</description>
  </variableDef>
	    
1

The name attribute is intended for humans to read, perhaps as the signal name in an automated wiring diagram.

2

The varID attribute is intended for the processing application to read. This must be an XML-valid identifier and must be unique within this model.

3

The description element may be used in an automated data dictionary entry associated with the name attribute.

4

The optional units attribute describes the units of measure of the variable. See the section on Conventions below for a recommended list of units-of-measure abbreviations.

5

The optional sign attribute describes the sign convention that applies to this variable. In this case, the lower-left body-flap is positive when with trailing-edge-down deflection. See the section on Conventions below for a recommended list of sign abbreviations.

6

The optional symbol attribute allows a UNICODE character string that might be used for this variable in a symbols listing.

In this example, two input variables are defined: XMACH and DBFLL. These two variables are inputs to a table lookup function shown in example [FIXME] below.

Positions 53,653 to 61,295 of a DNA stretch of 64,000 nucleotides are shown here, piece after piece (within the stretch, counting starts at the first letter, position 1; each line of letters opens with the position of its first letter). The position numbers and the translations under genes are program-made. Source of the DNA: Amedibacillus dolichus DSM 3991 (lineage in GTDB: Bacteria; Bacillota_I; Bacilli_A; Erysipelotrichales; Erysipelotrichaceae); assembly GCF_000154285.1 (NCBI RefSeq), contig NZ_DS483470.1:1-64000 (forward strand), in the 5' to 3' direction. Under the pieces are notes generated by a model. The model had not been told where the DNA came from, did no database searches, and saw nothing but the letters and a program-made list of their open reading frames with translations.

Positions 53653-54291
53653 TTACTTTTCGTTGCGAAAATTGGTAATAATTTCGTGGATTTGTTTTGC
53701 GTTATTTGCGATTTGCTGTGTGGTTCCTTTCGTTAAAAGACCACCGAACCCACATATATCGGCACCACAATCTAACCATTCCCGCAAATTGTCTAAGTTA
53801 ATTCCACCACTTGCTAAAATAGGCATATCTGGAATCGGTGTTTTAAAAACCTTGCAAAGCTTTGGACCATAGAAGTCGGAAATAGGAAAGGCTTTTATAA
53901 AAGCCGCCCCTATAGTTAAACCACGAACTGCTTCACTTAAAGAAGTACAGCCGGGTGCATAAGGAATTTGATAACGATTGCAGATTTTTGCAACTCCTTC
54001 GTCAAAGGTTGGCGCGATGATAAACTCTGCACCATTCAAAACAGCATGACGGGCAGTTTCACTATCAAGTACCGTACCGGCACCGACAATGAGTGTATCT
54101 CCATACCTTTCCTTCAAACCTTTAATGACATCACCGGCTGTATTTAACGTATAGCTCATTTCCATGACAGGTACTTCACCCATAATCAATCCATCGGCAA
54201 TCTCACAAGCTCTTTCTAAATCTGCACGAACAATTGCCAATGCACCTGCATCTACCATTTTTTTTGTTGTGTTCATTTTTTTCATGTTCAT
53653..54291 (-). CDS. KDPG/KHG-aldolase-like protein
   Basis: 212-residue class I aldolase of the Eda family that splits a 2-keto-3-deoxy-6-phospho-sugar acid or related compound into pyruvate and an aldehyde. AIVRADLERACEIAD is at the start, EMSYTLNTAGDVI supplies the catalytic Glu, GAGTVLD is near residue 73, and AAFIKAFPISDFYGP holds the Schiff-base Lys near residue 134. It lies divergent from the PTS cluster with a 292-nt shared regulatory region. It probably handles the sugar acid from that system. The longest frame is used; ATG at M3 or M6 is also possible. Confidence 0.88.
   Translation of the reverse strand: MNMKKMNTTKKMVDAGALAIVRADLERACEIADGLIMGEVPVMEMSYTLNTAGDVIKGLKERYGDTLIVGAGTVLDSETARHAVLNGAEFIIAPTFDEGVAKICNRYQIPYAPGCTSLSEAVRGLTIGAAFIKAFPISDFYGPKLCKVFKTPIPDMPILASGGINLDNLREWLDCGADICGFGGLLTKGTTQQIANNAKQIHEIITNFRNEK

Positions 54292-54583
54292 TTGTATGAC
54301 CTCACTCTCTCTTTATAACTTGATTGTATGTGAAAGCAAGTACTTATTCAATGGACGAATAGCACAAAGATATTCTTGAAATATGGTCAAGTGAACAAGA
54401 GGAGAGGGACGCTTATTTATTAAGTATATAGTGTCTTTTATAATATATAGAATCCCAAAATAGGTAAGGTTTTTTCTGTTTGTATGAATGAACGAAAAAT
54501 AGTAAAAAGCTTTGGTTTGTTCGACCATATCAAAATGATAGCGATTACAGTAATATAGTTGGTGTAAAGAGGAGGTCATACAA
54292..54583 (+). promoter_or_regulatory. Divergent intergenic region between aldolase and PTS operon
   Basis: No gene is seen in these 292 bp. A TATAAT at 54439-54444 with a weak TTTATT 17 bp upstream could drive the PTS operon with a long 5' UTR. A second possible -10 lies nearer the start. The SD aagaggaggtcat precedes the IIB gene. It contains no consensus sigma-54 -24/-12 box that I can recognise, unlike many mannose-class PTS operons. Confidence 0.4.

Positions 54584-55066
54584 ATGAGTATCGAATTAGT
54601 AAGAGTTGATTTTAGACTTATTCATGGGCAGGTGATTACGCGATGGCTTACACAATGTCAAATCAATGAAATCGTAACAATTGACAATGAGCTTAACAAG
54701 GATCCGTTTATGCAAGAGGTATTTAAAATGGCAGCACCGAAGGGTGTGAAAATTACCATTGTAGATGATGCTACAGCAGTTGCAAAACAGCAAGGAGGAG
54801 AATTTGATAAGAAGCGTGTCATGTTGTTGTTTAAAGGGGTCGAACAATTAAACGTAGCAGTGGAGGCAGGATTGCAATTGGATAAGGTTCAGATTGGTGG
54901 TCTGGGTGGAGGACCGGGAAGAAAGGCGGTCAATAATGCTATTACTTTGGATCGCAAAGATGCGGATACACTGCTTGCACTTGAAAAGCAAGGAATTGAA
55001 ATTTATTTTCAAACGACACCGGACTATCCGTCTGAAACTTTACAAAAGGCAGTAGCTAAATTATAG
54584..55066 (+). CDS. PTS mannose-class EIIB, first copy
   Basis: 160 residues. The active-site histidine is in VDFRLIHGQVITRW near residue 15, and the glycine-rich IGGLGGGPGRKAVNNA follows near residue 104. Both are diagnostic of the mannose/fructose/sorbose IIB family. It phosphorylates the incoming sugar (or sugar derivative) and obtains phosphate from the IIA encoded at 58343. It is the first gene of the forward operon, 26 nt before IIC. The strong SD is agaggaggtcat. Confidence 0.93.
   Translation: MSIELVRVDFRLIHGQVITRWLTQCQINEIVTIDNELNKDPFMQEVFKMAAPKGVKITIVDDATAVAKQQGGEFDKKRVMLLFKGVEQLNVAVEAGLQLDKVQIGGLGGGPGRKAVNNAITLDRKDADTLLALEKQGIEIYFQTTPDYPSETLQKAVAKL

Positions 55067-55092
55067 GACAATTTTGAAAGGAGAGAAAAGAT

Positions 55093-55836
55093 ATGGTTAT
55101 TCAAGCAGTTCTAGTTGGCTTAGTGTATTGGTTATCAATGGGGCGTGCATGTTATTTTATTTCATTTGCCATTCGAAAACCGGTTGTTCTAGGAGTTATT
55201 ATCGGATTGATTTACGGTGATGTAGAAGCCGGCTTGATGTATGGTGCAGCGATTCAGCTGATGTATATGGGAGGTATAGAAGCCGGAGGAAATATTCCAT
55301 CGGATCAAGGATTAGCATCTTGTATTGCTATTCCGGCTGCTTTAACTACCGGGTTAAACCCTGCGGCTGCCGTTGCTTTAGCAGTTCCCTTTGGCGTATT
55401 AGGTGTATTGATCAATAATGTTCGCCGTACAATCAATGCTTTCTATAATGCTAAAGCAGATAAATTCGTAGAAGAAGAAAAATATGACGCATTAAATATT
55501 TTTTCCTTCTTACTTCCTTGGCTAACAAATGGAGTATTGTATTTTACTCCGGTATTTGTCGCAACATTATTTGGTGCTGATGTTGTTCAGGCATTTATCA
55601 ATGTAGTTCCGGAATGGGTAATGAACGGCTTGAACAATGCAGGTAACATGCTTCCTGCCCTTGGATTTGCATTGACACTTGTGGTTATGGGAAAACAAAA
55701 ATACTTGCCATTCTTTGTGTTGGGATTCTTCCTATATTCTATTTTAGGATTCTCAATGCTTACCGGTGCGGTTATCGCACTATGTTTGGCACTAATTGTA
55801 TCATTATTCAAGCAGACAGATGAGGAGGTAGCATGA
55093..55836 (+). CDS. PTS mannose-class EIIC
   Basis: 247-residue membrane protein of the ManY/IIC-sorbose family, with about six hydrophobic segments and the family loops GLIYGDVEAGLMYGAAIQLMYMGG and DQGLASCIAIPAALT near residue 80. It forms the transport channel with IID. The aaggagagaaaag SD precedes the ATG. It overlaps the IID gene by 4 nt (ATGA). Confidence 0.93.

Example 4. A more complete example using a calculation element

<!--    lower left body flap lift buildup -->
  <variableDef name="CLdbfll" varID="CLBFLL" units="">
    <description>
	Lift contribution of lower left body flap deflection
	CLdbfll = CLdbfll_0 + alpha*(CLdbfll_1 + alpha*(CLdbfll_2 + alpha*CLdbfll_3)) 1
    </description>
    <calculation>  2
      <math>
	<apply>  3
	  <plus/>
	  <ci>CLBFLL0</ci>
	  <apply>
	    <times/>
	    <ci>ALP</ci>
	    <apply>
	      <plus/>
	      <ci>CLBFLL1</ci>
	      <apply>
		<times/>
		<ci>ALP</ci>
		<apply>
		  <plus/>
		  <ci>CLBFLL2</ci>
		  <apply>
		    <times/>
		    <ci>ALP</ci>
		    <ci>CLBFLL3</ci>
		  </apply> <!--            a*c3   -->  4
		</apply> <!--        (c2 + a*c3)  -->
	      </apply> <!--        a*(c2 + a*c3)  -->
	    </apply> <!--    (c1 + a*(c2 + a*c3)) -->
	  </apply> <!--    a*(c1 + a*(c2 + a*c3)) -->
	</apply> <!-- c0 + a*(c1 + a*(c2 + a*c3)) -->
      </math>
    </calculation>
  </variableDef>
	    
1

This FORTRANish equation is simply for human readers and is not parsed by the processing application.

2

A calculation element always embeds a MATHML-2 math element.

3

Each apply tag pair surrounds a math operation (in this example, a plus) opertor) and the arguments to that operation (in this case, a variable CLBFLL defined elsewhere is added to the results of the nested apply operation).

4

The comments here are useful for humans to understand how the equation is being built up; the processing application doesn't use these comments.

Here the local variable CLBFLL is defined as a calculated quantity, based on several other input or local variables (not shown). Note the description element is used to describe the equation, in FORTRANish human-readable text. The calculation element describes this same equation in MathML 2 syntax; this portion should be used by parsing applications to create either source code, documentation, or run-time calculation structures.